Q. "My child is 7 and comes home from school alone, which she loves to do -- a three-block walk.
"She is senible and the neighborhood is safe, but the incidents in Atlanta have made me realize how important it is to warn her about strangers. I've mentioned it, of course, but I don't know how to emphasize it and still have her be a happy, trusting child. How does a parent help a child be both cautious and friendly?"
A. Parents spend their whole careers walking one kind of knife edge or another and this is one of the sharpest.
It's essential that a child realize that the great big world is sometimes dangerous so she (and certainly he) can deal with it.
The Atlanta story can be a peg for this critical subject because, as terrifying as it is, a child has to know it can happen anywhere.
It would be best to read about it together in the newspaper with enough long pauses to let her bring her questions forward, and then to wonder why, with all the wonderful people in the world, there are some mad ones too.
And from there you tell your child that every place has its disturbed people and since they are so hard to recognize it's best not to try. Instead you'll ask her to reject the kind of offers this person would make. It's much easier if she is tought to say "no" to an act rather than to a person, especially since most child molesters are known by their victims.
There is at least a 1-in-4 chance that your daughter will be molested in some way before she is 18 and usually by a friend, a neighbor or a relative. And boys don't fare too well either.
You have to make it clear that she must be wary of all strange suggestions, even though they may be quite innocent.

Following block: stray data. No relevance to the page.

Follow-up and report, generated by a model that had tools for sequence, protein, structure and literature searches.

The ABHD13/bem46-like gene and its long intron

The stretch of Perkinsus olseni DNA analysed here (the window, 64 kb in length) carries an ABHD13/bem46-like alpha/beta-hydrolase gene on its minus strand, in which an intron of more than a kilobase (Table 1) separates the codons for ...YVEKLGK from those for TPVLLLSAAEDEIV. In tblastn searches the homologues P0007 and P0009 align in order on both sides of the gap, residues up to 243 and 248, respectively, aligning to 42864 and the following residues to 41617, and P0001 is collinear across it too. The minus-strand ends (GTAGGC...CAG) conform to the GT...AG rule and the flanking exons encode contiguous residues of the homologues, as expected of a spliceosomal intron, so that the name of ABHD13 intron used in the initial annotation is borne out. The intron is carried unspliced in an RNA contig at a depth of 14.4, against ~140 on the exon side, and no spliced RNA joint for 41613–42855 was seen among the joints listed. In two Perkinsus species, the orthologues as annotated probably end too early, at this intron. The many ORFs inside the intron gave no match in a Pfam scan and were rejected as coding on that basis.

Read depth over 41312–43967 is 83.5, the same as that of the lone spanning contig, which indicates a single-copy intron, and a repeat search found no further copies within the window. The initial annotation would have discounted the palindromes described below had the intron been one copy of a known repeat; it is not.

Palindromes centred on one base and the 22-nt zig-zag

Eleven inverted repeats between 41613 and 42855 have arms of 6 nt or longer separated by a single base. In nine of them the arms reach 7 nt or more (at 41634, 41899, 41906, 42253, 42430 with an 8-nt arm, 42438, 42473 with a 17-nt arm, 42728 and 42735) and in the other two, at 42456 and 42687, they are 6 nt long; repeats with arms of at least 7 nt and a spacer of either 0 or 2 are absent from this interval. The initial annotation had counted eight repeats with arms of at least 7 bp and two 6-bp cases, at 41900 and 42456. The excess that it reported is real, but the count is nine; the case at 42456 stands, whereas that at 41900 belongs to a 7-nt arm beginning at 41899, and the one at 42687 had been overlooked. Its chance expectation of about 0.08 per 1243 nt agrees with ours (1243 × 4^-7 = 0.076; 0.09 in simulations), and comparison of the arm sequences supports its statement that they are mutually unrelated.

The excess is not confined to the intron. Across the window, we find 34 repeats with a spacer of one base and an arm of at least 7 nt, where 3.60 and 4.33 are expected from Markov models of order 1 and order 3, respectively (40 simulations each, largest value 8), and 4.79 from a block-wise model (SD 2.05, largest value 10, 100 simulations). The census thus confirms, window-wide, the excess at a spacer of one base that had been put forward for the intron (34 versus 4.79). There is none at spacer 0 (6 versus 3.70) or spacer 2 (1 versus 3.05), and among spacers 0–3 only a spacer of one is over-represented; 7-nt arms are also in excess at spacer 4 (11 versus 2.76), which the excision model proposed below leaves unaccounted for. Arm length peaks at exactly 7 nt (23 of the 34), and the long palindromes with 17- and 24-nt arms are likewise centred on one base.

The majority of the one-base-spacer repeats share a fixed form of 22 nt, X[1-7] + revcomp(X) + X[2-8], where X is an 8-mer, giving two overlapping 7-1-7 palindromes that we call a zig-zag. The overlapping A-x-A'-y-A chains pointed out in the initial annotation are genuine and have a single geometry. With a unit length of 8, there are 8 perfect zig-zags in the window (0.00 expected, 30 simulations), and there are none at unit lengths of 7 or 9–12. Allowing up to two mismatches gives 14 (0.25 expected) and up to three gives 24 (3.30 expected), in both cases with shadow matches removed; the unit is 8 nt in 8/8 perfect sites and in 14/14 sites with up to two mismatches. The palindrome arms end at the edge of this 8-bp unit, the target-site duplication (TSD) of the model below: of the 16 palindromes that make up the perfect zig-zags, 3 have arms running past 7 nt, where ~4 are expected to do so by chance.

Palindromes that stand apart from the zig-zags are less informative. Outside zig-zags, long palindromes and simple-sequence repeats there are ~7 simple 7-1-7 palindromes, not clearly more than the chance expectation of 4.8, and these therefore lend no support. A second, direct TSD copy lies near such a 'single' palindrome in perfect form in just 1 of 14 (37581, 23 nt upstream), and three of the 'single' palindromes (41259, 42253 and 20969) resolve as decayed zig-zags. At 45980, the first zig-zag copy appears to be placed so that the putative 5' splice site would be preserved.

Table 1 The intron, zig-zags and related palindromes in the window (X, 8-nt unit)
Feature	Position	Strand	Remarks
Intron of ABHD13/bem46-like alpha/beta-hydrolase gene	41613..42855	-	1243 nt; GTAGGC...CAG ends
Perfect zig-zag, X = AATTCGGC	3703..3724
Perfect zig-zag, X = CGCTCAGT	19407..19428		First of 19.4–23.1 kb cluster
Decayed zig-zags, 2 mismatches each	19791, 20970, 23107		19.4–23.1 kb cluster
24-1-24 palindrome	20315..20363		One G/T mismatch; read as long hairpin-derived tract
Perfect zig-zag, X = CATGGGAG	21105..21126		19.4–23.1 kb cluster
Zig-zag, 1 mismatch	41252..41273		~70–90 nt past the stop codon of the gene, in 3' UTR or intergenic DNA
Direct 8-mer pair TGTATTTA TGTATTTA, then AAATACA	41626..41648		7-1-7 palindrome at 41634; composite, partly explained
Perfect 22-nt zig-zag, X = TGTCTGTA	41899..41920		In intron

Some can be avoided entirely if you tell your child -- girl or boy -- that she or he should never even make eye contact with a stranger and always come home at the time and by the route expected. This means that she can't get into anyone's car without your permission, whether she knows them or not, or whether there is an offer of candy or comic books. She shouldn't even get into the car if it's raining, or she's told by the driver that you sent him to pick her up for a family emergency.
And yes, this may make your daughter walk home in a terrible rainstorm, or inconvenience you when you can't have a friend fetch her, but this won't happen very often. For this you make contingency plans by telling your child exactly who is authorized to give her a ride.
You also should tell her that she can't go into the home of a neighbor, even if she's offered milk and homemade cookies, unless the neighbor is on your approved list. Even then, your child must call you first.
What you're actually doing is helping your child say "no" automatically before her conscience does it for her -- a process that isn't fully reliable until the early or mid-teens. Until then she only can depend on supervision and this early warning system.
To develop good radar, your child must know how much she counts.